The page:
Slaughter & Rees Report - India’s Modi Moment
May 26, 2014 --
One in every six people on the planet lives in India. At some point in the next 15 years, the country will pass China to become the world’s most populous nation. India has also passed Japan to become the world’s third largest economy, based on purchasing power parity exchange rates (according to a recent World Bank analysis, on which we commented here).
Despite its absolute size, in per person terms India’s economy is much smaller. Its per capita income last year (at market exchange rates) was only about $2,000: less than one-third China’s $7,000, and only about 4 percent of America’s $53,300. Thus the paradox of India’s economy: in some ways so important, yet in others so far behind. This paradox accords with the famous quote of Cambridge University economist Joan Robinson, “The frustrating thing about India is that whatever you can rightly say about India, the opposite is also true.”
One man now stands with great potential to sweep aside this paradox: Narendra Modi. In the country’s just-concluded national election, Indians handed Modi’s National Democratic Alliance a resounding parliamentary victory—the largest lower-house majority in 30 years. With such overwhelming support Modi, who is scheduled to be sworn in as prime minister today, has the potential to launch India on a much-needed new era of economic reform.
In the four decades following India achieving independence in 1947, the country struggled under the burden of highly protectionist and interventionist economic policies. For decades India’s economy grew at only about 3 percent per year; in per capita terms, annual growth was often well below 1 percent. Wise minds concluded that India was destined to always suffer this “Hindu rate of growth.”
Then came crisis. In 1991 a fiscal and currency crisis befell the country; to help stave off default, India was forced to ship 47 tons of gold to the Bank of England as collateral on a loan. Large loans were also required from the World Bank and International Monetary Fund, and as conditions for some of these loans Indian leaders initiated reforms to introduce more market forces—including more international market forces via, for example, trade liberalization. These reforms accelerated economic growth, to an average annual rate of about 7 percent over the next generation, driven by globally connected industries such as information-technology services.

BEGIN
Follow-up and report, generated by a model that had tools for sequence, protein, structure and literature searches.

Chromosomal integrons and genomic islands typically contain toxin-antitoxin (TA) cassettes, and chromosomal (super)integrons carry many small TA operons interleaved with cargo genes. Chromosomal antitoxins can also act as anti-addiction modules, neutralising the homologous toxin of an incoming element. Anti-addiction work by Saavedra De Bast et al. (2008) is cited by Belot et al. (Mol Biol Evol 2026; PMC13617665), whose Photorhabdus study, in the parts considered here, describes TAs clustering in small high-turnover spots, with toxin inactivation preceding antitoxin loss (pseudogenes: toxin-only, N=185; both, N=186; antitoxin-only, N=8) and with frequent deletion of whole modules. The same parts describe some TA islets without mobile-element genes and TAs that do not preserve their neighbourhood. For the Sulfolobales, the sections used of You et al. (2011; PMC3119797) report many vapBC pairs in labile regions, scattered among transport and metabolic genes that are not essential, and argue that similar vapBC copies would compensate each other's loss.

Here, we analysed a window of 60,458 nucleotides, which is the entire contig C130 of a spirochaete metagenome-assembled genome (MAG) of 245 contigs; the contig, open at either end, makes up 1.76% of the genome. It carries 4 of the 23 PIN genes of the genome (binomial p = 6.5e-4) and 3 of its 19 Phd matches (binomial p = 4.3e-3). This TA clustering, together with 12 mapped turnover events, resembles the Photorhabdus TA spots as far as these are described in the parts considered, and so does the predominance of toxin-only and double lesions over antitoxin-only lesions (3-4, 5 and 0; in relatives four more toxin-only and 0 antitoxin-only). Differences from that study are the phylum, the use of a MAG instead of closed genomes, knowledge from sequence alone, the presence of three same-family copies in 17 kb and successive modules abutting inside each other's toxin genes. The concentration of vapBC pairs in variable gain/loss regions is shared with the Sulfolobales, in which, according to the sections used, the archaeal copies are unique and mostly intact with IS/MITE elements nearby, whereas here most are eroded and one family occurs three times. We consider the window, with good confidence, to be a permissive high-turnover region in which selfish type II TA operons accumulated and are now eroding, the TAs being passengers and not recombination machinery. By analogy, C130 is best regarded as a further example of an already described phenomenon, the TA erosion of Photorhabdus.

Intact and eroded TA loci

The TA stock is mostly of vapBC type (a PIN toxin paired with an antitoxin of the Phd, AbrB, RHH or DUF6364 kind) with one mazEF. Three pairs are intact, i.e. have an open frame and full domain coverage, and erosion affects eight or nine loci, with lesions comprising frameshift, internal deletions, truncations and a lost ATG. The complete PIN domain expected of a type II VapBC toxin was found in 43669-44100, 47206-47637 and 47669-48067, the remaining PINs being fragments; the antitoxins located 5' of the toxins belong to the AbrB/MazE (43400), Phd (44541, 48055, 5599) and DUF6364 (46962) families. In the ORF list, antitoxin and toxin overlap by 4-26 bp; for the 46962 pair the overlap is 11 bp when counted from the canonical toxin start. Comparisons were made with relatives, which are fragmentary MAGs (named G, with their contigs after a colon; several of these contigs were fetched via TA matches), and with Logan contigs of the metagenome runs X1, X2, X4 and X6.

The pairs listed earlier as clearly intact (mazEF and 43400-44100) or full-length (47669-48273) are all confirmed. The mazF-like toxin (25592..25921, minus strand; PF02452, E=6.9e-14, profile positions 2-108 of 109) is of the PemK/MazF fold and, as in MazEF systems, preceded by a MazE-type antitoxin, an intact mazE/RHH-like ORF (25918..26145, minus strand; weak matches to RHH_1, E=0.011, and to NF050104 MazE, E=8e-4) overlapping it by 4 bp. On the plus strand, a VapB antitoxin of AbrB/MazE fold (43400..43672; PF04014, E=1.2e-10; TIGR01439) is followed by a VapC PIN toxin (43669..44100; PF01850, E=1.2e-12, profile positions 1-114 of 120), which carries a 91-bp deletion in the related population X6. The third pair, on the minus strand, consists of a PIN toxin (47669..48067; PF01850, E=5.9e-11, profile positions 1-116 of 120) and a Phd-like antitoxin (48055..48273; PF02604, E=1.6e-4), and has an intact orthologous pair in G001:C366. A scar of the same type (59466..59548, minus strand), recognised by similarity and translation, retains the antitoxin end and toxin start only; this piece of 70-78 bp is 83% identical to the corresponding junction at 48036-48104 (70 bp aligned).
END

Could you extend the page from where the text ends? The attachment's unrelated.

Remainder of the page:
But growth over the past three years has slowed sharply, to under 4.8 percent. A major reason for this deceleration has been a slackening of economic deregulation and reform. High-profile examples abound. Two years ago government leaders gave themselves authority to pursue retroactive tax claims against multinational companies going back to 1961—and thus have launched nasty disputes against firms including Vodafone and Microsoft. Similarly, in 2012 the government announced plans to permit inward foreign direct investment in general-merchandise retailing—but then reversed this decision in response to protests from local incumbents. In the World Bank’s annual rankings of how easy it is to do business in countries, India today scores 134th out of 189. In the sub-categories of “starting a business,” “dealing with construction permits,” and “enforcing contracts,” India ranks a woeful 179th, 182nd, and 186th, respectively.
The conditions underlying these rankings discourage foreign investment, stifle entrepreneurship, and more generally slow economic growth and its related expansion of opportunity and hope. A McKinsey analysis published earlier this year shows that 56 percent of India’s population—almost 700 million people—“lacked the means to meet essential needs.”
Recognizing the errors of his predecessors, Modi ran on a platform summarized as “less government and more governance.” He comes from the state of Gujarat, where during the decade in which he served as chief minister the economy expanded at an average annual rate of 10.3 percent. Thanks to Modi and others, during that time Gujarat curtailed or outright eliminated many of the country’s restrictive labor laws. Bringing these reforms to an entire country, says a new report from Goldman Sachs, could spur creation of as many as 40 million new manufacturing jobs over the next decade. Modi has also wisely said that a top priority will be upgrading the country’s creaky infrastructure of roads, ports, and the like. The slow pace at which people and products move around the country is a hidden tax on its growth.
A more prosperous India would benefit the hundreds of millions of Indians still struggling to escape the clutches of poverty. It would also be a shot in the arm for the global economy, for reasons including a rising middle class keen to consume the world’s branded goods and services. Prime Minister Modi has a rare opportunity to implement sweeping economic reforms. He needs to make the most of his moment.
Articles © 2014 Matthew Slaughter and Matthew Rees. All rights reserved.
Publication © 2014 Trustees of Dartmouth College. All rights reserved.
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